Talks have resumed between city officials and the Decorah School District regarding how to solve the District’s elementary facility needs.
Decorah Superintendent Mark Lane said he spoke with Mayor Lorraine Borowski and City Manager Chad Bird after he was hired last year in an effort to bring the discussion back to the table.
“In talking with them, it became clear that after the city and School Board elections, there would be some different people involved. We discussed letting the election pass and bringing the groups back together after winter break (over the holidays),” said Lane.
Lane said a discussion last week surrounded reconvening a task force to talk about “common interests” the city and District have in solving the facilities problem.
Representing the city on the task force are Borowski, Bird, Parks and Recreation Director Andy Nimrod and Council Members Johanna Bergan and Emily Neal. The District is being represented by Board President Ron Fadness, Board Vice President Brian Petersburg, Shareholders Committee Co-Chair Mark Lovelace, Activities Director Adam Riley and Lane.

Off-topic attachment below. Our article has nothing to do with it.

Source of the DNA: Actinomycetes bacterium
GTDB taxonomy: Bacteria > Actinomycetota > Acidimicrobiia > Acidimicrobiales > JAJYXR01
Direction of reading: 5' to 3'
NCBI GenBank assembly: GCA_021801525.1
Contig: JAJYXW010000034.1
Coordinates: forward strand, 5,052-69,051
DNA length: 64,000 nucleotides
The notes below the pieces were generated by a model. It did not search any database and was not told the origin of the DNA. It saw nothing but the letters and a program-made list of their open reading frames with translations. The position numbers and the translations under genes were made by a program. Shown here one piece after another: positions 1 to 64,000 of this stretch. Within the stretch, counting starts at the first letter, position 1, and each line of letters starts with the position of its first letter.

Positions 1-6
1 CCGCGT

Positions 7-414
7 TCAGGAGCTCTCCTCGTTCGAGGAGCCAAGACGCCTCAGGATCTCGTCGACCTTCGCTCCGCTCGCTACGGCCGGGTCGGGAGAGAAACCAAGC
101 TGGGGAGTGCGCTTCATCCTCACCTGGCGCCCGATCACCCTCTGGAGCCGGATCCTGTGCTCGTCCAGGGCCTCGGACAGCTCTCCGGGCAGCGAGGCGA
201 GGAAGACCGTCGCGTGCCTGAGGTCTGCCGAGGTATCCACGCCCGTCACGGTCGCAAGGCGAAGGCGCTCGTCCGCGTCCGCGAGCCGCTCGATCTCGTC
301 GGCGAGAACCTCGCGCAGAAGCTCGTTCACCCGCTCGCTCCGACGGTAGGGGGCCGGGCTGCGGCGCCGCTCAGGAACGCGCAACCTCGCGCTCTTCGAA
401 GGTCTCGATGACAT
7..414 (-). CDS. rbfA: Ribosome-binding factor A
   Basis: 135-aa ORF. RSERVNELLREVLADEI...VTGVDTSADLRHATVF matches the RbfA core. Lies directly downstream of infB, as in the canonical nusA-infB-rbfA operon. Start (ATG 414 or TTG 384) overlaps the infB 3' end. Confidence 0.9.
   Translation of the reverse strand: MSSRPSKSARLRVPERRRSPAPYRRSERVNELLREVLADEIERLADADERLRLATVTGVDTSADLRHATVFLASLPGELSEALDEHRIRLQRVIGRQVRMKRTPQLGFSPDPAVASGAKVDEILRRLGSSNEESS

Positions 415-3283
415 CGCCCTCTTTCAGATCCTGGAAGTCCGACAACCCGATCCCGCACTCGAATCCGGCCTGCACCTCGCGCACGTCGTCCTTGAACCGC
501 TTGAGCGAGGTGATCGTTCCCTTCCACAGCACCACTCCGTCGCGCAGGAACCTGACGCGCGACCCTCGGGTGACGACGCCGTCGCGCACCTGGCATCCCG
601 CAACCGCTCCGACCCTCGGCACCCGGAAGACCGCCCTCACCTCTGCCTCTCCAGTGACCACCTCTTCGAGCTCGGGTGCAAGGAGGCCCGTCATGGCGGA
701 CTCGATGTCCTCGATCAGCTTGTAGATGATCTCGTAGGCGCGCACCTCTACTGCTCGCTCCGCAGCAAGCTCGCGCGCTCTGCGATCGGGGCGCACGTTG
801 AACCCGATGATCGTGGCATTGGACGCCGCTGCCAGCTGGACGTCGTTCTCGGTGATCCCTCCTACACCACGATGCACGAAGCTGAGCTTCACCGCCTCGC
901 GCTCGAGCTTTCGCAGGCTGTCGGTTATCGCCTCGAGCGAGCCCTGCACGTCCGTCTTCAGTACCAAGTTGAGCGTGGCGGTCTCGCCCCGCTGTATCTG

“Looking into spring, we’re trying to determine how to move forward. People want collaboration and interdependence,” he said.
Lane said one of the key factors affecting a possible location of a new elementary school continues to be the District’s high cost of transportation.
“There are only eight districts in the state that spend more money on transportation than we do. The long-term impact is that all of our transportation costs come out of our general fund,” he said.
Lane said this is the third year in a row that North Winn and Decorah have received additional transportation equity money from the state.
“It’s a study bill right now, and Governor Reynolds talked about transportation equity in her state of the state address, and has indicated she would sign it,” he said.
The bill would provide additional money that would be distributed to school districts, such as Decorah, that spend more than the statewide average to transport their students to school.